Call it the winter of discontent for the troubled U.S. commercial mortgage-backed securities (
The percentage of loans 30 days or more past due climbed above 6% in December for the first time ever, according to commercial real estate
“It is a scary threshold to have breached,” says Manus Clancy, senior managing director at New York-based Trepp, which tracks some 60,000 CMBS loans totaling $725 billion. “We continue to add 35 to 45 basis points of additional delinquencies per month, so that [trend] really doesn’t seem to be subsiding at all.”
Clancy says that he wouldn’t be surprised if the delinquency rate were to steadily rise to near 8% by mid-2010, but he is quick to point out that Trepp generally doesn’t forecast this type of information.
The hospitality sector continues to be the most troubled performer, although it showed a slight improvement over the prior month. The delinquency rate on CMBS hotel loans registered 13.87% in December compared with 14.07% in November.
The Chapter 11 bankruptcy filing by Extended Stay America in June 2009 accounts for approximately 3.5% of the high delinquency rate among CMBS hotel loans, according to Clancy.
“But you see weakness throughout the hotel sector. It doesn’t matter whether it’s high-end or economy. Everybody is showing lower RevPAR (revenue per available room) and lower occupancies. It’s just not a great story.”
By property type, the multifamily sector posted the second highest delinquency rate in December (9.27%), followed by retail (5.50%), industrial (3.98%), and office (3.42%).
One striking data point is that loan delinquencies for retail rose 72 basis points in December, the largest monthly increase among any major property type.
But the trends in the industrial and multifamily arena were nearly as unsettling with delinquencies rising 65 and 49 basis points, respectively.
While the office sector posted the lowest delinquency rate of any major property type, delinquencies were still up 28 basis points in December.
Possible green shoots
One positive sign is that office rents in some major metros appear to be bottoming out, points out Clancy. “They are not falling as much anymore. That said, they’ve taken some really big hits.”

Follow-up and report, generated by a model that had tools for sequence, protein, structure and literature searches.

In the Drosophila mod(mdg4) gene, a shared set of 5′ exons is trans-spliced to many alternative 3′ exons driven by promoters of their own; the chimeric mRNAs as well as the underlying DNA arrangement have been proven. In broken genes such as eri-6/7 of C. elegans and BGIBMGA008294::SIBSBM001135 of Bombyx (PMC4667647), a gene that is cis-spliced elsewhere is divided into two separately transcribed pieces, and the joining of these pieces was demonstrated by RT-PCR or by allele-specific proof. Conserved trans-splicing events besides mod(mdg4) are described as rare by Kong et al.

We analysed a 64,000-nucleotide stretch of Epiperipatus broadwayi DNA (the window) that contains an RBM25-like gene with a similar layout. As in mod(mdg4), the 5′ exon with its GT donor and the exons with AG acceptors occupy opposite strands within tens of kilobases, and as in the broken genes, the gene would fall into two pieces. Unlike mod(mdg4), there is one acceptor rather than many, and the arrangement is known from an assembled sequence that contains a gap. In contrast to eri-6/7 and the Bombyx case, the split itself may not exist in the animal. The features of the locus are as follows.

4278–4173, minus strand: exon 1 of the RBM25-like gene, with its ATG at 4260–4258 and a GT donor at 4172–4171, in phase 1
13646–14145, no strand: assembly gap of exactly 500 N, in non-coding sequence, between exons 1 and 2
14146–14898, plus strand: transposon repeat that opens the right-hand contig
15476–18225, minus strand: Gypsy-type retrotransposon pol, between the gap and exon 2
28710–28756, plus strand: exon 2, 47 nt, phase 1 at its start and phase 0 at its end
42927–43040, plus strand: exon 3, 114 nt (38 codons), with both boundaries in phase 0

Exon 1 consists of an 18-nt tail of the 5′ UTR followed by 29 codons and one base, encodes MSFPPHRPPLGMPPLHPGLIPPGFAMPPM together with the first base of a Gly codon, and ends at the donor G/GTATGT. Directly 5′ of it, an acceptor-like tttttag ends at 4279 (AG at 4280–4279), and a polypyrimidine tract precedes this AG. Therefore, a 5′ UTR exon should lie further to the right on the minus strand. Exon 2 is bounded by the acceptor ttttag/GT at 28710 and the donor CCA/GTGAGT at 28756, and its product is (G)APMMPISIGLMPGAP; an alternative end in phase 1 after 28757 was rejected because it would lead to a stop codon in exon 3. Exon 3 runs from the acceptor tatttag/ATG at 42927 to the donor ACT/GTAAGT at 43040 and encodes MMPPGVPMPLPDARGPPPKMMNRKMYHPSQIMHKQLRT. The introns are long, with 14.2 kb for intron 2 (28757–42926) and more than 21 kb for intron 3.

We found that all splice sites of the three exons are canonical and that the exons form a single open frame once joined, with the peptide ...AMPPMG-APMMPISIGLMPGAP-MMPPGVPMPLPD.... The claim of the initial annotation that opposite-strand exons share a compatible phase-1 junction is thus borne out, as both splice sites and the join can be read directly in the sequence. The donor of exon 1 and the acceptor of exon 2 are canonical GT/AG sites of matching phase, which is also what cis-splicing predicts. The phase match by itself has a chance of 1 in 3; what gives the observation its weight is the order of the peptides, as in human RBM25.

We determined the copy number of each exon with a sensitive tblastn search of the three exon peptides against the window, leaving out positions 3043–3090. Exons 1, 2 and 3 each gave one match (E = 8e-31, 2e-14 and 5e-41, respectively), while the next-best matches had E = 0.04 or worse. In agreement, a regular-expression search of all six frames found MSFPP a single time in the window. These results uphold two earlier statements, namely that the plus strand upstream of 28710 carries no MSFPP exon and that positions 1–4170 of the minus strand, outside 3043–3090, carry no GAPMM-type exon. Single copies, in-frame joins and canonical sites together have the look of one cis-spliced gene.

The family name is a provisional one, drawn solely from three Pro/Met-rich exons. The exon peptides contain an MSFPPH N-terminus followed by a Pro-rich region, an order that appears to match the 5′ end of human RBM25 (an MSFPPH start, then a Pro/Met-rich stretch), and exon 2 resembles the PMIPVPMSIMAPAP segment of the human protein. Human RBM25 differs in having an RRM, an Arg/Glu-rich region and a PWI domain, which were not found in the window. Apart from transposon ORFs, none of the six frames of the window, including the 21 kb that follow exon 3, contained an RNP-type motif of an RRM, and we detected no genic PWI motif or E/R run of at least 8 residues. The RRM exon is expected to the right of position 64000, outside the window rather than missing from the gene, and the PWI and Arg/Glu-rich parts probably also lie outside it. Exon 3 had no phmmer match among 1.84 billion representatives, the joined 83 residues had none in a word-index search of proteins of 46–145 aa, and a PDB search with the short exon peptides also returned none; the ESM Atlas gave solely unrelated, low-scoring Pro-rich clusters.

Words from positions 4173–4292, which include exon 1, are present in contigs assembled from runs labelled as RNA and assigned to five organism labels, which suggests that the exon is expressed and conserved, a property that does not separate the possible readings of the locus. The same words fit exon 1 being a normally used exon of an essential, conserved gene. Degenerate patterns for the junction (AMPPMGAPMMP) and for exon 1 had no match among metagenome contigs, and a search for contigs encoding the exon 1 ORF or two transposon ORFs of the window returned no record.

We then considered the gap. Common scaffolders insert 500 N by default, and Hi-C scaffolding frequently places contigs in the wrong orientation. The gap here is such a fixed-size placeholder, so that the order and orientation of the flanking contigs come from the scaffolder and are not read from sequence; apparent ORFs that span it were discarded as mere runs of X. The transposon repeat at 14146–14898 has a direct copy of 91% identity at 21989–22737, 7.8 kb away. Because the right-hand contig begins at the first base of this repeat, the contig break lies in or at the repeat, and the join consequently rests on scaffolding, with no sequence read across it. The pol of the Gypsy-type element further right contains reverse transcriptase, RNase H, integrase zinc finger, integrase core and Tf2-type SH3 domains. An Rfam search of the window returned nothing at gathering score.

But there is an even bigger green shoot emerging. While much ink has been devoted to the wave of maturing CMBS loans that many borrowers could find difficult to refinance, three
In the first commercial mortgage deal sold under the federal government’s Term Asset-Backed Securities Loan Facility (TALF) program, Developers Diversified Realty successfully completed a $400 million bond offering in November.
The risk premium paid to CMBS investors on the triple-A rated class was 140 basis points over swaps. The relatively tight spread served as evidence that investors were willing to jump back into the game on a highly selective basis.
Spreads industry-wide on the super-senior CMBS tranche — the top-rated debt in a bond structure — have narrowed considerably over the past year, according to Trepp.
Spreads on the super senior portion of 10-year CMBS issued from 2005 through 2007 narrowed from 1,200 basis points over Treasuries in February 2009 to below 493 basis points in December 2009.
That was a big victory for the CMBS market, emphasizes Clancy, but uncertainty lingers. “It’s unclear at this point what kind of floor is being placed on those spreads by the TALF program, by the Public-Private
“Where would [the spreads] be without the government initiatives? While it’s a bright sign and is evidence that the government programs have had an impact, it’s hard to say where these deals would trade without the underlying support.”
The other two CMBS refinancing deals completed in the fourth quarter of 2009 were not tied to TALF. In mid-December, Coral Gables-based Flagler closed on a $460 million CMBS loan covering its 44 office and industrial properties in Florida.
Banc of America Securities helped Flagler securitize the loan, which was the first non-government supported CMBS issued in 18 months.
Also in December, JP Morgan Chase & Co. sold $500 million of CMBS backed by the Inland Western Real Estate Trust. The deal was reportedly oversubscribed.
According to Reuters, the two top-rated classes in the Inland Western deal sold at yield premiums of 150 basis points to 205 basis points above an interest-rate benchmark, or about one-third of the spread on existing CMBS made at the height of the real estate boom.
While no one is certain how much issuance the U.S. CMBS marketplace will generate in 2010, Clancy is hopeful. “I think it would be great if we got up to $1 billion per month again over the next six months. We started to see these three deals in the late part of 2009. I thought it was a great sign.”